Pituitary Microadenomas Follow-up

Updated: Apr 21, 2020
  • Author: Bernard Corenblum, MD, FRCPC; Chief Editor: George T Griffing, MD  more...
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Further Outpatient Care

The natural history for nonfunctioning microadenomas appears to be benign. [11, 20] Follow-up MRI scans can be performed at 12 months to assess progression, but generally they are not needed for most microadenomas, For nonsecreting adenomas, follow-up is usually not needed unless clinical symptoms arise. If the tumor enlarges, full endocrine testing and therapy are justified.

This was supported by a retrospective, observational study by Thaker et al, which found that in 78 children with nonfunctioning pituitary lesions identified as cysts or presumed or possible microadenomas, the lesions followed a benign course. Over an average clinical follow-up period of 4.5 years, the lesions did not significantly increase in size, and pituitary function did not significantly worsen. The investigators stated that if new endocrine or visual symptoms do not present in children whose pituitary lesions—cysts or microadenomas—are asymptomatic, these patients may not need repeat MRI examination; if it is carried out, they say, it should be performed in no less than a year. [26]


Inpatient & Outpatient Medications

If the tumor is secreting excess hormone, initiate appropriate medical therapy as described in the articles Hyperprolactinemia, Acromegaly, and Cushing disease.



Complications are caused by the rare enlargement of the tumor to a macroadenoma or by excessive hormone secretion.

Inactive microadenomas rarely cause complications unless they are pressing on the pituitary stalk.



Prognosis depends on the hormonal activity of the adenoma. [10] Most incidentalomas are inactive and do not cause morbidity, except morbidity related to excessive investigation. Patient anxiety may result from the discovery of the microadenoma, and appropriate support may be needed. A meta-analysis showed that microadenomas rarely enlarge (3.3 per 100 patient-years [95% confidence interval, 2.1-4.5]). [5]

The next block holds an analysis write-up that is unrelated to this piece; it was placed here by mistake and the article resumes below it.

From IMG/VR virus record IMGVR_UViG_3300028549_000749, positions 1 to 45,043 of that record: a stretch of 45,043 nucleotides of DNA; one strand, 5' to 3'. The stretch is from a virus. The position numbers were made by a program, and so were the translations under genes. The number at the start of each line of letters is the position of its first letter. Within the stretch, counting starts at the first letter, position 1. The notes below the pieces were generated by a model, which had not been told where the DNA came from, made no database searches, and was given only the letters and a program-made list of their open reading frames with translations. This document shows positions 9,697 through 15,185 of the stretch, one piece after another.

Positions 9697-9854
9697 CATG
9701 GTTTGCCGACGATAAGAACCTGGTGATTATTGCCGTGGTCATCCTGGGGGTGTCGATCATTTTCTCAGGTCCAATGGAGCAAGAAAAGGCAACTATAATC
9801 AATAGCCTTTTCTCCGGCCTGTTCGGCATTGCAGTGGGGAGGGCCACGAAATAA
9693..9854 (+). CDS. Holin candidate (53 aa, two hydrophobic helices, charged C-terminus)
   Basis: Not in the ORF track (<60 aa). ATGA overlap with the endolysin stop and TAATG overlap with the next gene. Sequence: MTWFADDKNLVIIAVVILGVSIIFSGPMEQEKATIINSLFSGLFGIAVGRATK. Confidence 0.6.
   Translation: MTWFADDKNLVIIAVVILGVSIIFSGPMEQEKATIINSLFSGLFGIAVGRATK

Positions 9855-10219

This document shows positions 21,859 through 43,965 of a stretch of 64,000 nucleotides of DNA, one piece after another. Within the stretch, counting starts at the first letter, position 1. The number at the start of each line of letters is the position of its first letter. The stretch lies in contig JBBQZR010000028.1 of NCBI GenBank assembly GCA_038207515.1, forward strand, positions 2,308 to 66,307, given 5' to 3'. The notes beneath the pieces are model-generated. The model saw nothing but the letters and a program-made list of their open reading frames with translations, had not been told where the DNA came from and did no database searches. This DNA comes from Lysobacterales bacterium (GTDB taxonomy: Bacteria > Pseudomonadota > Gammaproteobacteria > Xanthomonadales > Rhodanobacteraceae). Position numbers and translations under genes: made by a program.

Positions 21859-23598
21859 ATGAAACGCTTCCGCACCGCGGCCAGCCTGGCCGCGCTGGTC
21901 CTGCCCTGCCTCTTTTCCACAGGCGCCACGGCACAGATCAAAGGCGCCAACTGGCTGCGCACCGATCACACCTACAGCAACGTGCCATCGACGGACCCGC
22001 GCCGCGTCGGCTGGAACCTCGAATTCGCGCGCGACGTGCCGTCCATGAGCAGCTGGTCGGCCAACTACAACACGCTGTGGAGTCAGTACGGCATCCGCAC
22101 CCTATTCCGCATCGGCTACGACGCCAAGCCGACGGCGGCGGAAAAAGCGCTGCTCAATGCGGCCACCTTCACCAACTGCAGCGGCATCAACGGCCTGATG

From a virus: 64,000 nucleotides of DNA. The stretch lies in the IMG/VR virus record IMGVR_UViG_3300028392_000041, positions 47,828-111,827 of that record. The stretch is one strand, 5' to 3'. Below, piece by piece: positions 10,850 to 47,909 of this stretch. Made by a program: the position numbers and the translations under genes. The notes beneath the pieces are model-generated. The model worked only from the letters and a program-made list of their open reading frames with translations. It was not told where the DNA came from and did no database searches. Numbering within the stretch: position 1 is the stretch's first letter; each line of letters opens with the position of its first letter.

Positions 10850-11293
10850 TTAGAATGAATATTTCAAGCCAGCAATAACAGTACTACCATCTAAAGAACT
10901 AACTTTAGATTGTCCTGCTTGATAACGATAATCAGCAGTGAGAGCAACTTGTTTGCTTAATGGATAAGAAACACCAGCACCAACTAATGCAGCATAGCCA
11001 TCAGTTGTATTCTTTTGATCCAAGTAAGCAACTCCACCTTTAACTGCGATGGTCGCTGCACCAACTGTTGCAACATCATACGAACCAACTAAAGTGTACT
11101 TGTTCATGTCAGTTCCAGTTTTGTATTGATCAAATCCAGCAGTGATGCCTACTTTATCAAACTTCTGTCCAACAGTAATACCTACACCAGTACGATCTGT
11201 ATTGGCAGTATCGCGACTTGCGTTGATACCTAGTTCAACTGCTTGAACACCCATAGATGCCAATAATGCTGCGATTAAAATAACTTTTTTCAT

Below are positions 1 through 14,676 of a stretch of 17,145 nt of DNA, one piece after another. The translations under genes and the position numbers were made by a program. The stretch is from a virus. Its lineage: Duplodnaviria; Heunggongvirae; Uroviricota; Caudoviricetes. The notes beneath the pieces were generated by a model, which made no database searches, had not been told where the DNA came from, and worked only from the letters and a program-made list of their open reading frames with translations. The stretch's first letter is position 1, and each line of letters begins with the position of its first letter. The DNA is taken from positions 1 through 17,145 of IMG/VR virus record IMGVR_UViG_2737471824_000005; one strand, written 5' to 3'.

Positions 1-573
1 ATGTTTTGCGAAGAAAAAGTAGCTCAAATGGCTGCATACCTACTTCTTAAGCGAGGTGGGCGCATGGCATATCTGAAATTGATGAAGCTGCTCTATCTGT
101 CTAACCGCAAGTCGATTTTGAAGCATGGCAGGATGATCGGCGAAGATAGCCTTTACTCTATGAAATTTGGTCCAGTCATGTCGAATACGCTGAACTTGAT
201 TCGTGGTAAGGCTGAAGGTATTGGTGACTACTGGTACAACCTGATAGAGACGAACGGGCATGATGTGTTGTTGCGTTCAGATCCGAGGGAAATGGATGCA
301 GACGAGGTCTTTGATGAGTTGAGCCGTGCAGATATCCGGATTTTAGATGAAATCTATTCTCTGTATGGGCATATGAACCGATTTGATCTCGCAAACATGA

A retrospective study by Guaraldi et al indicated that the great majority of patients with Cushing disease can achieve long-term remission through selective adenomectomy (carried out by experienced surgeons with dedicated, multidisciplinary team support). The study looked at 151 patients with Cushing disease, including 35 with a macroadenoma, 80 with a microadenoma, and 36 in whom a tumor could not be detected on MRI. In addition, 88.7% of patients were treatment naïve, while 11.3% had previously undergone surgical treatment, and 11.2% had previously undergone medical treatment. The investigators found that at mean 92.3-month follow-up, the remission rate was 90.7%. Within the cohort, diabetes insipidus and hypopituitarism developed in 27 and 18 patients, respectively. [27]


Patient Education

The patient must be informed of the frequency of incidentalomas and the benign nature of those that do not enlarge or secrete excess hormone.

For excellent patient education resources, visit eMedicineHealth's Women's Health Center and Men's Health Center. Also, see eMedicineHealth's patient education articles Amenorrhea and Impotence/Erectile Dysfunction.